The idea behind the simulation is for a "petstore" sidewalk sale lol(Like that'd happen in the upper peninsula of michigan at the start of april). We need to set up a heating system that can keep the fish from being killed or stressed by the cold outside environment. To get an A, we need to hold it to within +- 1.5 degrees(which is probably isn't too difficult to shoot for).

As far as flowrates are concerned, I myself am in favor of a low flowrate for the heat(the heater is NOT in the tank, but in the recirculating pipe with the pump, it's a design requirement). I figure it would be more gradual in heating up the tank, but once we got it to the optimum temp, the temperature probably wouldn't fluctuate as much(plus I figure if this were acquarium actually had fish in it, it probably wouldn't be a good idea to to recirculating the tank water ever 30 seconds).

The only thing that is sort of the big question at least from my view, is getting consistent heat throughout the tank. I believe that our instructor is going to take an "average" from multiple locations as a means of determining the tank temperature, and I was wondering what ways you guys might have to solve that problem(this would be a non issue if it were indoors, but because it might be windy, one side of the tank will lose more heat than the other). We were leaning towards a waterwheel or something in order keep the water stirred up, and hopefully help keep any temperature variation small. What tips do you guys have for dealing with that issue(this is probably more commonly experienced by people with fish ponds and the like).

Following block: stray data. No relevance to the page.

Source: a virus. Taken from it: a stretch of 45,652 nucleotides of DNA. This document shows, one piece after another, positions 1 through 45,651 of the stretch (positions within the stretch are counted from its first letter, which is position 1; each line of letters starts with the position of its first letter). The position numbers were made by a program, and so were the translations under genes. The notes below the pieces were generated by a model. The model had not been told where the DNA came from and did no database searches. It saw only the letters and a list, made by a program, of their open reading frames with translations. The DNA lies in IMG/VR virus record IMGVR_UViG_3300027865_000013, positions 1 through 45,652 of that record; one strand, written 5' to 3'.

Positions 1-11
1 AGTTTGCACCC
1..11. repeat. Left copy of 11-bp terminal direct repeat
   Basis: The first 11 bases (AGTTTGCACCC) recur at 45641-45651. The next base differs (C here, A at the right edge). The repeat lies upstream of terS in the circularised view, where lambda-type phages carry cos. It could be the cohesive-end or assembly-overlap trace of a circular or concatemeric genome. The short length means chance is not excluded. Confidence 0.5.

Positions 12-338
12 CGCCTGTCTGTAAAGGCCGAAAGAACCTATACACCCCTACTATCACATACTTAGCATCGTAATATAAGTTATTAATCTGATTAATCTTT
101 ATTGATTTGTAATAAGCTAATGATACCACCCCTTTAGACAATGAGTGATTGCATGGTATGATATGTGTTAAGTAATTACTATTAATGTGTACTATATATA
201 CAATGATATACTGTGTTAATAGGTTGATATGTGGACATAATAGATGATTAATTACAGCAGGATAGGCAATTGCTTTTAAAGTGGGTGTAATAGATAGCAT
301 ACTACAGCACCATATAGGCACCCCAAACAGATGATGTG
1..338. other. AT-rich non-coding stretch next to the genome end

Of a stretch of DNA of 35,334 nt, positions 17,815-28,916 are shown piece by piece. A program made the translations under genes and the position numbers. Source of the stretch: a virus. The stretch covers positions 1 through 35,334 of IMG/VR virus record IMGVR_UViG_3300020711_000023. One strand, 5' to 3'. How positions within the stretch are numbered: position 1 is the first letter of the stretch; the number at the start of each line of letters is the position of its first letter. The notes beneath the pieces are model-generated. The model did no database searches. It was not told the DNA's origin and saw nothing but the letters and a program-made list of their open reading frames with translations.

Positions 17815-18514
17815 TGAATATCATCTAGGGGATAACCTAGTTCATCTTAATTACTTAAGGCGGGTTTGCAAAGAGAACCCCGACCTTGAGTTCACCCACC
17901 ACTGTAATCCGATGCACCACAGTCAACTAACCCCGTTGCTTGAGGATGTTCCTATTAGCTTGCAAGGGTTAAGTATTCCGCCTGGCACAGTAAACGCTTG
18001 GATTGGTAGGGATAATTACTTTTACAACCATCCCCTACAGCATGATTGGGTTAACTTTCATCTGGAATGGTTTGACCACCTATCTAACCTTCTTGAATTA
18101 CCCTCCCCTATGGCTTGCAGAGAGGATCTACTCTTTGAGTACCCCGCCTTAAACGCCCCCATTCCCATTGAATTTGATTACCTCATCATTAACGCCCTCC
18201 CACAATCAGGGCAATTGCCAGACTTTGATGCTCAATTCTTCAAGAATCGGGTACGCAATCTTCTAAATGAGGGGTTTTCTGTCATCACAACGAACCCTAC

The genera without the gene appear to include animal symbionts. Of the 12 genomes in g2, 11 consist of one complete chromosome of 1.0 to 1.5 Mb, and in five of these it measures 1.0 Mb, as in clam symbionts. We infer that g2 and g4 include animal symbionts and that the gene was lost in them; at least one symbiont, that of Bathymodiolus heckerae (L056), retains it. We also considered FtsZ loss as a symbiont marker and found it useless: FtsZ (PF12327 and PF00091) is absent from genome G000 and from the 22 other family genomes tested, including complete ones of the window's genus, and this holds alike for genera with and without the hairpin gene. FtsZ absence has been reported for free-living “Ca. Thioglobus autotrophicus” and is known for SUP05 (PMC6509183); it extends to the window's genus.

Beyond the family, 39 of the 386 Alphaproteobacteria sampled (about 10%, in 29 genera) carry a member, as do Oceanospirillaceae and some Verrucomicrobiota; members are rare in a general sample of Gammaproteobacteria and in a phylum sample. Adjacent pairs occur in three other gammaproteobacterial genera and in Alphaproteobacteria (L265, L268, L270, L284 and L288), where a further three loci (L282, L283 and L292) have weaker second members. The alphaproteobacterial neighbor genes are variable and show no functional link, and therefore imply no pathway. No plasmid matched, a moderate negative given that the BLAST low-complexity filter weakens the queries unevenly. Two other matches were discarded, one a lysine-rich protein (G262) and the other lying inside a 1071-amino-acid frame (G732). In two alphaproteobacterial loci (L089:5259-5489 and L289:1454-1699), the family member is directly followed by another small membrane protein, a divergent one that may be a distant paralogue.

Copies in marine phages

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Old 03-19-2008, 10:35 AM   #4
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Ah... missed that "tank is outisde" deal. You'll definitely need more than a 100W heater like I was envisioning. Guess that's where your equations will come into play! For your application, heater brand probably doesn't come into play since short-term reliability really isn't an issue with any of them. I would recommend that you get one with a light that shows when the heater is on. Seems like troubleshooting would be easier. Marineland's Visitherm Deluxe comes to mind.

If you have to put the heater in the recirculation pipe, then I'd agree with you... a low flowrate will give the water more time in contact with the heater. And you're right, if you have a lid on the tank (which I'd recommend), your heat loss won't be as much as you'd think it would be.

If you put a powerhead in the tank itself, that will even out the temp of the water in the tank by recirculating the water within the tank itself. Something like this...

Aquarium powerhead/water pump: Maxi-Jet Powerhead/Pumps provide vital water movement

Also... on that temperature controller, you can also buy a pre-wired version. And if you do use it, just be aware that the temp probe on it isn't waterproof. You'll have to seal it up using silicone sealant or something.

[Edit: They also make these...

Hydor ETH In-Line Heaters

...which may be better suited to your application.]
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15 gallon, 5 gallon, eat, eating, heating, tan